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Written by LW

April 23, 2018 at 1:01 am

“There’s no such thing as an unabridged dictionary”*…

 

For OED’s editors, this world is both exhilarating and, one senses, mildly overwhelming. The digital era has enabled Oxford lexicographers to run dragnets deeper and deeper through the language, but it has also threatened to capsize the operation. When you’re making a historical dictionary and are required to check each and every resource, then recheck those resources when, say, a corpus of handwritten 17th-century letters comes on stream, the problem of keeping the dictionary up to date expands to even more nightmarish proportions. Adding to that dictionary to accommodate new words – themselves visible in greater numbers than ever before, mutating ever-faster – increases the nightmare exponentially. “In the early years of digital, we were a little out of control,” Peter Gilliver told me. “It’s never-ending,” one OED lexicographer agreed. “You can feel like you’re falling into the wormhole.”

Adding to the challenge is a story that has become wearily familiar: while more people are consulting dictionary-like resources than ever, almost no one wants to shell out. Sales of hard-copy dictionaries have collapsed, far more calamitously than in other sectors. (OUP refused to give me figures, citing “commercial sensitivities”. “I don’t think you’ll get any publisher to fess up about this,” Michael Rundell told me.) While reference publishers amalgamate or go to the wall, information giants such as Google and Apple get fat by using our own search terms to sell us stuff. If you can get a definition by holding your thumb over a word on your smartphone, why bother picking up a book?…

As Andrew Dickson explains, for centuries lexicographers have attempted to capture the entire English language. Technology might soon turn this dream into reality – but will it spell the end for dictionaries?  The fascinating story of the Oxford English Dictionary‘s ongoing attempt to outrun that fate: “Inside the OED: can the world’s biggest dictionary survive the internet?

* Jack Lynch, The Lexicographer’s Dilemma: The Evolution of “Proper” English, from Shakespeare to South Park

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As we look it up, we might send carefully-defined birthday greetings to Wilhelm Heinrich Immanuel Bleek; he was born on this date in 1827.  A linguist, he created  A Comparative Grammar of South African Languages.  But his great project (jointly executed with his sister-in-law, Lucy Lloyd) was “The Bleek and Lloyd Archive of ǀxam and !kun texts”– a shortened form of which eventually reached press as Specimens of Bushman Folklore (on which Laurens van der Post drew heavily for his book, The Heart of the Hunter and for his BBC series The Lost World of the Kalahari).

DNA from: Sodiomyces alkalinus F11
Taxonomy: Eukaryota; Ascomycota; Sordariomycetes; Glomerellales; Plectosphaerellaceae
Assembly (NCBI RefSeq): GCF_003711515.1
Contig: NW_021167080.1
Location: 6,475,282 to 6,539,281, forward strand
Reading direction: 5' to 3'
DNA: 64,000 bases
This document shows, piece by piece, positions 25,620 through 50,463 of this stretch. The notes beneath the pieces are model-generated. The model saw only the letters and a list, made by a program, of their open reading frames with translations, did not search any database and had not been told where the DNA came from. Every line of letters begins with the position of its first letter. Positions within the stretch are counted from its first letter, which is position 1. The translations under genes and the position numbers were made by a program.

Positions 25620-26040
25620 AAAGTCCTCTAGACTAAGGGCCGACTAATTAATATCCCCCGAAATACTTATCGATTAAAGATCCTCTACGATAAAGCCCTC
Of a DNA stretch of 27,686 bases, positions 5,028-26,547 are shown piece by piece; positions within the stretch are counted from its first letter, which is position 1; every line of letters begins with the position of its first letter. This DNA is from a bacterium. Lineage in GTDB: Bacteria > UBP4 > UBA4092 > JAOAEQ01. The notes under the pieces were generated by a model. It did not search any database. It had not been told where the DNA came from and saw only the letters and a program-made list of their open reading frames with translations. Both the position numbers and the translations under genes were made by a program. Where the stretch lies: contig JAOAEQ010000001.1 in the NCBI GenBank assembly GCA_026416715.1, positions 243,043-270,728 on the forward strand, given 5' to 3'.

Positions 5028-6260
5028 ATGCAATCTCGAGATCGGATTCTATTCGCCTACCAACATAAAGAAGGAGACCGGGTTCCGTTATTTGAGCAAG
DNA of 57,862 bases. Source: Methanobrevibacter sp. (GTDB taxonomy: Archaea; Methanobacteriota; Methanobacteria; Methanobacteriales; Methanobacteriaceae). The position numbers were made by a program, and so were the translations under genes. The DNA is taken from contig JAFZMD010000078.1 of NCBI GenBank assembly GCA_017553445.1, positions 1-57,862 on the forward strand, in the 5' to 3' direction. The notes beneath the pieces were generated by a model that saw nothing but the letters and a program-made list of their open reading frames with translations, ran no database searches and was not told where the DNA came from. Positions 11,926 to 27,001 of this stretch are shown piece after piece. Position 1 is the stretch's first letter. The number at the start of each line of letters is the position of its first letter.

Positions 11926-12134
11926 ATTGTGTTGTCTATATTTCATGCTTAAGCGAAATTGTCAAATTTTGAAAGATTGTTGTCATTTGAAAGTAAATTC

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Happy International Women’s Day!

Written by LW

March 8, 2018 at 1:01 am

“I quote others only in order the better to express myself”*…

 

A recent query to the always-illuminating Language Log:

I’m reading my new copy of Soonish and came across a reference to air quotes and I got to wondering about the meme. I remember using them at least 30 years or more ago, entirely un-ironically. How does one go about looking up the history of such a thing? How would you reconcile the discoverable print references to its presumably earlier emergence as a metalinguistic thing in itself? At what point do the words, “air quotes” show up to stand for actual physically-performed “Air Quotes”?

Find the answers at: “Air Quotes.”

* Michel de Montaigne

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As we admit that there’s probably no pithier way to be ironic, mocking, or disingenuous, we might recall that it was on this date in 1726 that Jonathan Swift’s Travels into Several Remote Nations of the World. In Four Parts. By Lemuel Gulliver, First a Surgeon, and then a Captain of Several Ships— much better known as Gulliver’s Travels— was first published.  A satire both of human nature and of the “travelers’ tales” literary subgenre popular at the time, it was an immediate hit (John Gay wrote in a 1726 letter to Swift that “It is universally read, from the cabinet council to the nursery”).  It has, of course, become a classic.

From the first edition

source

 

Written by LW

October 28, 2017 at 1:01 am